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International football

Maradona, Pelé: Brazil Argentina all-time best combined XI

Keeper - Amadeo Carrizo

The original sweeper-keeper, Carrizo was voted the best South American keeper of the 20th century by the IFFHS. Noted for his ability to start attacks from the back and leave his area, which was unusual at the time, the River Plate keeper was part of the 1958 World Cup-winning squad.

Photo: ullstein bild Dtl. ullstein bild via Getty Images

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Right back - Cafu

A force of nature from the right back position, Cafu is the most-capped player in Brazil's history and won the 1994 and 2002 World Cups. He was also named in the World Soccer greatest XI of all time in 2013.

Photo: SERGIO MORAES REUTERS

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Central defender - Aldair

Another Roma stalwart, Aldair was part of the 1994 World Cup-winning Brazil squad and capped 80 times by his country. An excellent reader of the game, Aldair was noted for his vision and ability to play the ball out from the back as well as his positioning and tackling.

Photo: Matthew Ashton - EMPICS PA Images via Getty Images

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Central defender - Daniel Passarella

El Gran Capitán led Argentina to glory in 1978 and is widely regarded as one of the best and toughest defenders ever to represent the country. A central defender, Passarella also had an eye for goal, scoring over 100 for his clubs and bagging 22 in 70 caps for Argentina.

Photo: DIARIO AS DIARIO AS

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Left back - Alberto Tarantini

A World Cup winner in 1978, Tarantini pioneered the wing back position for club and country and also won the 1977 Copa Libertadores with River Plate. But surely he will rate the highlight of his career as a bizarre one-season spell at Birmingham City which ended when he "did a Cantona" by punching a fan.

Photo: Mark Leech/Offside Getty Images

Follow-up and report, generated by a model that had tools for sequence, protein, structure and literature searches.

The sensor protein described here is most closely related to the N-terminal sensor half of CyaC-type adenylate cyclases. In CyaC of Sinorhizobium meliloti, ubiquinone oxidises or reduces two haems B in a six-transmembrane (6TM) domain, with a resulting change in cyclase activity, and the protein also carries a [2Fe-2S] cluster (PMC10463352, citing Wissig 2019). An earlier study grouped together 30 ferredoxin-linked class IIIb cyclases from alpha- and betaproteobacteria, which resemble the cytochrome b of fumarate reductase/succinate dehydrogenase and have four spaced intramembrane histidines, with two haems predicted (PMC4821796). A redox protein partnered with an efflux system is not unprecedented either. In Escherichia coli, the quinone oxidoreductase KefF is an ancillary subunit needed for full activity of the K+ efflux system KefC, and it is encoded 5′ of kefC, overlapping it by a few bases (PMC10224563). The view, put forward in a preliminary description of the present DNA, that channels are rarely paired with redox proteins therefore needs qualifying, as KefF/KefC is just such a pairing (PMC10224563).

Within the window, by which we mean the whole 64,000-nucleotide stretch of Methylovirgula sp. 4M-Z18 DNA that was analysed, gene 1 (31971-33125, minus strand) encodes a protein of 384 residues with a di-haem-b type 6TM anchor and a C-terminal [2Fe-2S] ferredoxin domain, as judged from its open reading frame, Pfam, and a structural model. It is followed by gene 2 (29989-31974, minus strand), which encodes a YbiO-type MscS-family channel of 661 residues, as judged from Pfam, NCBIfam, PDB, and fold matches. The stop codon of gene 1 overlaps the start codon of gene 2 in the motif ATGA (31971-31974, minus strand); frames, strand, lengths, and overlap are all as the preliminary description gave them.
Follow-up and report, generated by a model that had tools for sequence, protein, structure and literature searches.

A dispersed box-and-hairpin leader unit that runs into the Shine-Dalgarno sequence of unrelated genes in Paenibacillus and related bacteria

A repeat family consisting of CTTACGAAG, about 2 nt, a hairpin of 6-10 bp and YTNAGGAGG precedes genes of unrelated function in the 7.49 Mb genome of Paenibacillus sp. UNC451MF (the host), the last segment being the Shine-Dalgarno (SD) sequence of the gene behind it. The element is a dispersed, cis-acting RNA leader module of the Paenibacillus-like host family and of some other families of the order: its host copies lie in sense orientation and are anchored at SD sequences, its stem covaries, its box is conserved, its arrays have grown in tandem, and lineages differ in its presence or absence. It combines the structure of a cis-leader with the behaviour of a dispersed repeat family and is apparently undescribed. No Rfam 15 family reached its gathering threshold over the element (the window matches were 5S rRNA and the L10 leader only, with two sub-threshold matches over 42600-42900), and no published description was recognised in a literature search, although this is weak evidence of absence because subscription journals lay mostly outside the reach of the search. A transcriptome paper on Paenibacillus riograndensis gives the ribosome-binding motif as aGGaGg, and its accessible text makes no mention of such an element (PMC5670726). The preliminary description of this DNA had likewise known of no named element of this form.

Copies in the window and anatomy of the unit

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Defensive midfield - Dunga

Dunga was something of an anachronism when he emerged into the Brazil side, a no-nonsense defensive midfielder with more of an industrial approach than many of his teammates in the 1994 World Cup-winning squad. Nonetheless, he captained that side and buried the final penalty in the shoot-out victory over Italy at the Rose Bowl in Pasadena.

Photo: Ben Radford Getty Images

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Midfielder - Diego Maradona

The Cosmic Barrel, arguably the greatest player ever to grace the pitch, he will always be remembered for the "Hand of God" in 1986 but he was touched by divinity at that tournament, leading Argentina to glory and scoring the "Goal of the Century" in the same game against England. He also inspired Napoli to their only two Serie A titles and scored some of the most outrageous goals ever witnessed.

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Midfielder - Ronaldinho

The most naturally gifted player of them all, bar Maradona? Many would say so, and there was certainly no finer sight in football than the buck-toothed genius in full flight. A World Cup winner in 2002, he also lifted the Copa América in 1999 and won the Ballon d'Or in 2005 as well as the FIFA World Player of the Year award twice.

Photo: Eddie Keogh Reuters

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Forward - Leo Messi

The greatest player of the modern era, alongside Cristiano Ronaldo, and the only active player who would make it into a side of Brazilian and Argentinean greats. He has still to match Maradona by leading his country to a major international tournament triumph and will have another chance at the Copa América next year. Argentina's all-time leading scorer ahead of Gabriel Batistuta, Messi's greatness is more connected to Barcelona than the Albiceleste, but he remains one of the best of all time.

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Forward - Pelé

The greatest of them all? The debate will never be settled by any logic or science available to man, but O Rei has a pretty decent claim. Three World Cups (although he was injured early in the 1962 triumph, leaving Garrincha to carry the torch) 650 official club goals and still the Canarinha's top scorer despite all the wonderful forwards that have borne his shirt.

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Forward - Ronaldo

The finest out and out striker of all-time, O fenômeno was unstoppable on his day, and he had lots of them. Had injuries not ravaged his career he may have settled the "best of all time" debate once and for all, but a career total of 352 club goals in 518 games and 62 in 98 for Brazil speaks for itself. And he was rarely fully fit during his entire career. A 17-year-old at the 1994 World Cup, he did not play but in 2002 he owned the tournament in South Korea and Japan, scoring eight after coming back from almost two years out with a cruciate ligament injury sustained in April 2000.

Photo: PAULO WHITAKER REUTERS

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